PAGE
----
A Learning Collaboratory: Improving Federal Climate Change Adaptation Planning
Alejandro E. Camacho
University of California Irvine School of Law; Center for Progressive Reform
Brigham Young University Law Review, 2011
UC Irvine School of Law Research Paper No. 2012-45
The regularly dynamic global climate is currently shifting precipitously, caused at least in part by increases in greenhouse gas concentrations due to continuing development and industrialization. Evidence confirms that widespread harmful effects to ecological and human systems have already occurred. Amidst projections of a wide range of risks to both biota' and humans' from future warming in the United States over the next several decades, some have even suggested treating such change as not only an agent or catalyst of other catastrophic environmental events, but as a natural disaster in itself. Perhaps more importantly, global anthropogenic climate change magnifies the uncertainty that exists for private parties, resource managers, and regulatory institutions in planning for or responding to environmental problems. As a result, the continuing health of natural resources - and indeed the effectiveness of environmental governance hinges on the capacity of regulatory institutions to inform, to learn, and to adapt.
Unfortunately, American environmental and natural resources law and its institutions are poorly suited to cultivate successful adaptations to climate change because they are not designed to reduce uncertainty and foster learning by both regulators and the public. This article, written for a symposium on disasters and the environment, proposes the development of a revised regulatory infrastructure that requires and promotes systematic monitoring, assessment and adjustment of management decisions, and also establishes an interactive information-sharing network. Drawing on emerging cyberinfrastructure research initiatives, the paper asserts that an adaptive "collaboratory" dedicated to climate change adaptation can facilitate not only information dissemination but also collaborative learning among resource managers, research scientists, and the public.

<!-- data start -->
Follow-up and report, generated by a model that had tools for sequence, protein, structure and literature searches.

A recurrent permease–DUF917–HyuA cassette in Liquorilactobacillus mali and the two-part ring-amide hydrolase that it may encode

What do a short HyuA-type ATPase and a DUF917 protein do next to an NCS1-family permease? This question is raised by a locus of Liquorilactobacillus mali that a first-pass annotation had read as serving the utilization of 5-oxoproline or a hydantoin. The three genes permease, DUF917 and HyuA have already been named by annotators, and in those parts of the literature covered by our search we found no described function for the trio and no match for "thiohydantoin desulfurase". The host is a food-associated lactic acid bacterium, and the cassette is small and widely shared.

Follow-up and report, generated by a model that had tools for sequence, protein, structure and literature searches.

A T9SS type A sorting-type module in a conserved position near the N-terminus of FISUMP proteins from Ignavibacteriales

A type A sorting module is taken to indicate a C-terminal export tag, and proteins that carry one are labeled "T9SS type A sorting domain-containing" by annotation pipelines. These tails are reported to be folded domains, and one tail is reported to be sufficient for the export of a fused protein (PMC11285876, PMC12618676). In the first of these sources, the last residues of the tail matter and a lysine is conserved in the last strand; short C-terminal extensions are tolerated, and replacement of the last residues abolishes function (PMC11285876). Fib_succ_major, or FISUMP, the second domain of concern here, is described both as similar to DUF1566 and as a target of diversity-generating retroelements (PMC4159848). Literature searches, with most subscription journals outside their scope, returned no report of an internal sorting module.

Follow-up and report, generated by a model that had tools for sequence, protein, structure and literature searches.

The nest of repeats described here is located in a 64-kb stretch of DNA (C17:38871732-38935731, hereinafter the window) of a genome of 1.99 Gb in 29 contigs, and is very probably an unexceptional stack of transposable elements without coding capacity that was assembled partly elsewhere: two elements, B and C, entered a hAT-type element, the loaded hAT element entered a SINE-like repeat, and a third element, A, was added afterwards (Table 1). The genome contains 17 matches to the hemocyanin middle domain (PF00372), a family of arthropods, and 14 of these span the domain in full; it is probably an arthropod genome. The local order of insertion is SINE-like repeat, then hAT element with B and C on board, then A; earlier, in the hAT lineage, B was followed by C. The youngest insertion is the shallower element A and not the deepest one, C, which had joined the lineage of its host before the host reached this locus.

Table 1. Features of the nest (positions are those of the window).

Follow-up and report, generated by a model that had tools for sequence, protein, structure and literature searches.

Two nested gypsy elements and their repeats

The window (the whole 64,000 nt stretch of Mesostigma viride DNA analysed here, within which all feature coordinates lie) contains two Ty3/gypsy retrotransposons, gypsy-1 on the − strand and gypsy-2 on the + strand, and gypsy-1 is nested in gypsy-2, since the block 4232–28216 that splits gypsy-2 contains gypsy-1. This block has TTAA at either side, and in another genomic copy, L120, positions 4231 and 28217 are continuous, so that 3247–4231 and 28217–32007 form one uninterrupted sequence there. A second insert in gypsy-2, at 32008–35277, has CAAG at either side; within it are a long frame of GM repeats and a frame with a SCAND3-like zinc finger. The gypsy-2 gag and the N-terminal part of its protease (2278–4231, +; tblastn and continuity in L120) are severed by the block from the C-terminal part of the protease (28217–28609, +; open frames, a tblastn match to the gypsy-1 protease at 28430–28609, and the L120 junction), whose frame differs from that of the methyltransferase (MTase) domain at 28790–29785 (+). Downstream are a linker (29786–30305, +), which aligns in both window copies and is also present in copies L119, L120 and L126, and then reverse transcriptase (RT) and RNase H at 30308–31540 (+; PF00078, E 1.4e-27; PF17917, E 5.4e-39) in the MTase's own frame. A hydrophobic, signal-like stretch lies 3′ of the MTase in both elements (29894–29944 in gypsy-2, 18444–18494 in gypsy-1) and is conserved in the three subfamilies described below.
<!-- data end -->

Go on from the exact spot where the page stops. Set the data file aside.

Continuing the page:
The article then describes how recent attempts to manage the effects of climate change, while encouraging, have insufficiently improved existing regulatory institutions' efforts to promoting agency learning. It details two of the most advanced climate change adaptation initiatives by the federal government to date-the Environmental Protection Agency's Climate Ready Estuaries program and the Council on Environmental Quality's Federal Agency Adaptation Planning Implementing Instructions. Though better than the existing management framework, these initiatives largely fall well short of requiring and otherwise promoting the necessary framework that will help agencies and the private sector manage uncertainty. The article concludes that instilling continued assessment and an adaptation collaboratory as a part of these new initiatives would enable sharing among authorities, help reduce uncertainty, foster more accountable and adaptive resource management, and thus help natural resources governance adapt.
Number of Pages in PDF File: 43
Date posted: May 23, 2012 ; Last revised: June 21, 2012
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